At least 300 killed in latest South Sudan violence: UN

South Sudan President Salva Kiir replaces his vice president and rival Riek Machar, a move that could potentially undermine last year's peace deal and reignite war in Africa's youngest nation.
Bullet holes are seen on a wall following fighting outside the Presidential State House in South Sudan's capital Juba, on July 14, 2016.
Bullet holes are seen on a wall following fighting outside the Presidential State House in South Sudan's capital Juba, on July 14, 2016. PHOTO: REUTERS

GENEVA (AFP) - At least 300 people have been killed in four days of intense gunbattles in the capital of South Sudan and 42,000 have fled the city, the UN said Friday (July 15).

The recent violence in Juba echoed the fighting that triggered the civil war and marks a fresh blow to last year's peace deal to end the bitter conflict that began when President Salva Kiir accused ex-rebel and now Vice President Riek Machar of plotting a coup.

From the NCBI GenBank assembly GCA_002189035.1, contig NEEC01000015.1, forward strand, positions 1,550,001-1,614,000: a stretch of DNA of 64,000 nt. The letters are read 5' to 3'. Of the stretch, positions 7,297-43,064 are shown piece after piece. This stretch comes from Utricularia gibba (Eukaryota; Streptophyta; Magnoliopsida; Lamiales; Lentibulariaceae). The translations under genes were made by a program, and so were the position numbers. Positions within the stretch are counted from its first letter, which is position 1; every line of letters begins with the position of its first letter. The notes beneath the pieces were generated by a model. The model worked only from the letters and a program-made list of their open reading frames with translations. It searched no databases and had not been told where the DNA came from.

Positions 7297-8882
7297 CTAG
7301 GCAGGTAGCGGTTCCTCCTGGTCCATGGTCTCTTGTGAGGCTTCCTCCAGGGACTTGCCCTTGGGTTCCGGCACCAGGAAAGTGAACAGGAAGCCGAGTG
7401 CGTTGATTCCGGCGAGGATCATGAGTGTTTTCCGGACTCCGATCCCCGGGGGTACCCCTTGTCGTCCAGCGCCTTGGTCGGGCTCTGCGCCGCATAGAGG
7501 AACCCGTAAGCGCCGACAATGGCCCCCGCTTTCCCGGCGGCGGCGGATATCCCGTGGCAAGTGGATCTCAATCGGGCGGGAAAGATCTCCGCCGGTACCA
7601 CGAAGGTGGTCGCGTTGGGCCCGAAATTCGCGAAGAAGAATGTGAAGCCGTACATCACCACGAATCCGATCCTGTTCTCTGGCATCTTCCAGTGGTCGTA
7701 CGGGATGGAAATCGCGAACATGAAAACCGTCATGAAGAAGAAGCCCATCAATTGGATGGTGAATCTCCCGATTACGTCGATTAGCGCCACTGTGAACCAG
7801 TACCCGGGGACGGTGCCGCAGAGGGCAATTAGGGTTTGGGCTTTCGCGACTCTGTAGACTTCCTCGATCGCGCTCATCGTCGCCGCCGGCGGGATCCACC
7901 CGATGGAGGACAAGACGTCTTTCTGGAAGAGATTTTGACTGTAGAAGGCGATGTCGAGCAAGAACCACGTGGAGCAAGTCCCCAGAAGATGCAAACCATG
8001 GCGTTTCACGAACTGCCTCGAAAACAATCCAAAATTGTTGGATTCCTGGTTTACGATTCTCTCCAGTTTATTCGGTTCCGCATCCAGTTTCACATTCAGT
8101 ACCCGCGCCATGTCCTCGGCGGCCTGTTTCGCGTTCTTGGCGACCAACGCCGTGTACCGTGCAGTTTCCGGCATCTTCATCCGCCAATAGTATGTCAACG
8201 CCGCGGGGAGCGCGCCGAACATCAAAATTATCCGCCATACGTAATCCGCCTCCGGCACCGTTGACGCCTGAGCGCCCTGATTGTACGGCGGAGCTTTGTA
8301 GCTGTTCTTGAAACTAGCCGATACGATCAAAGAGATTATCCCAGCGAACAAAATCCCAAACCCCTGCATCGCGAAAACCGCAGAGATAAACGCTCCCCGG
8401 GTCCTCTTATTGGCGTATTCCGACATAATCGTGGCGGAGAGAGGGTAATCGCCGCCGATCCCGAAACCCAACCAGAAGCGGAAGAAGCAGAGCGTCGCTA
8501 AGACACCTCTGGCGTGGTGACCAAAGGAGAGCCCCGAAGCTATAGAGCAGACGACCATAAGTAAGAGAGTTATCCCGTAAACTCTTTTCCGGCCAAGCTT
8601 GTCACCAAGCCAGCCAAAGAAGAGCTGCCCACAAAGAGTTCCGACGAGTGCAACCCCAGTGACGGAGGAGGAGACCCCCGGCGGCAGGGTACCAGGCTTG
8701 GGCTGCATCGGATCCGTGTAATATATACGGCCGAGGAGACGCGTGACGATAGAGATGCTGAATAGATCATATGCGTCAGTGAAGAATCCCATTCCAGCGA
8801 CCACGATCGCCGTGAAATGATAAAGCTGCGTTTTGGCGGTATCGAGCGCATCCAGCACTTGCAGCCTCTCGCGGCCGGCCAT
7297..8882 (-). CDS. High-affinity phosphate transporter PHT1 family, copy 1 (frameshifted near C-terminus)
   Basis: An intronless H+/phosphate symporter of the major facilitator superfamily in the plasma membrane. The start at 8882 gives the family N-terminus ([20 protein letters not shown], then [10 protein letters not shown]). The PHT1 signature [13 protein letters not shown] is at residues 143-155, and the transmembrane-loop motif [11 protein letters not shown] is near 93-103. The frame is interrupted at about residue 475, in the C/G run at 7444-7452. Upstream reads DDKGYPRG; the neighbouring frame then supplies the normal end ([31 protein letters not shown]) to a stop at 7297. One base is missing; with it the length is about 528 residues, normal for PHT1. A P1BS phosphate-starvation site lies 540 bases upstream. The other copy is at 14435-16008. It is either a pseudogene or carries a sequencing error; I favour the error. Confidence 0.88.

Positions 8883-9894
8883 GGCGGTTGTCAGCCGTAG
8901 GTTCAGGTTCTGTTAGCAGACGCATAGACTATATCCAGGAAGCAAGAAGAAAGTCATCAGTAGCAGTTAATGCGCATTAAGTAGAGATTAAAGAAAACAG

"It's over 300 deaths since Aug 8," said World Health Organisation spokesman Tarik Jasarevic. The UN however said it did not have the number of injured.

The July 8-11 violence had left "42,000 internally displaced" in the world's youngest nation, said William Spindler, the spokesman for the UN refugee agency.

"The number of refugees in neigbouring countries is now 835,000," he said.

However, the International Organisation for Migration said many people were returning.

"Humanitarian access to affected people has improved dramatically since Monday. But this can only be sustained if the ceasefire holds", said John McCue, IOM South Sudan Head of Operations.

Machar's sacking as vice-president in 2013 set off a cycle of retaliatory killings that split the poverty-stricken, landlocked country along ethnic lines and drove more than two million out of their homes.

The conflict has been characterised by horrific rights abuses, including gang rapes, the wholesale burning of villages and cannibalism.

According to the UN, there were some 114,000 South Sudanese refugees in neighbouring countries before December 2013 but that figure has ballooned to 835,000 now.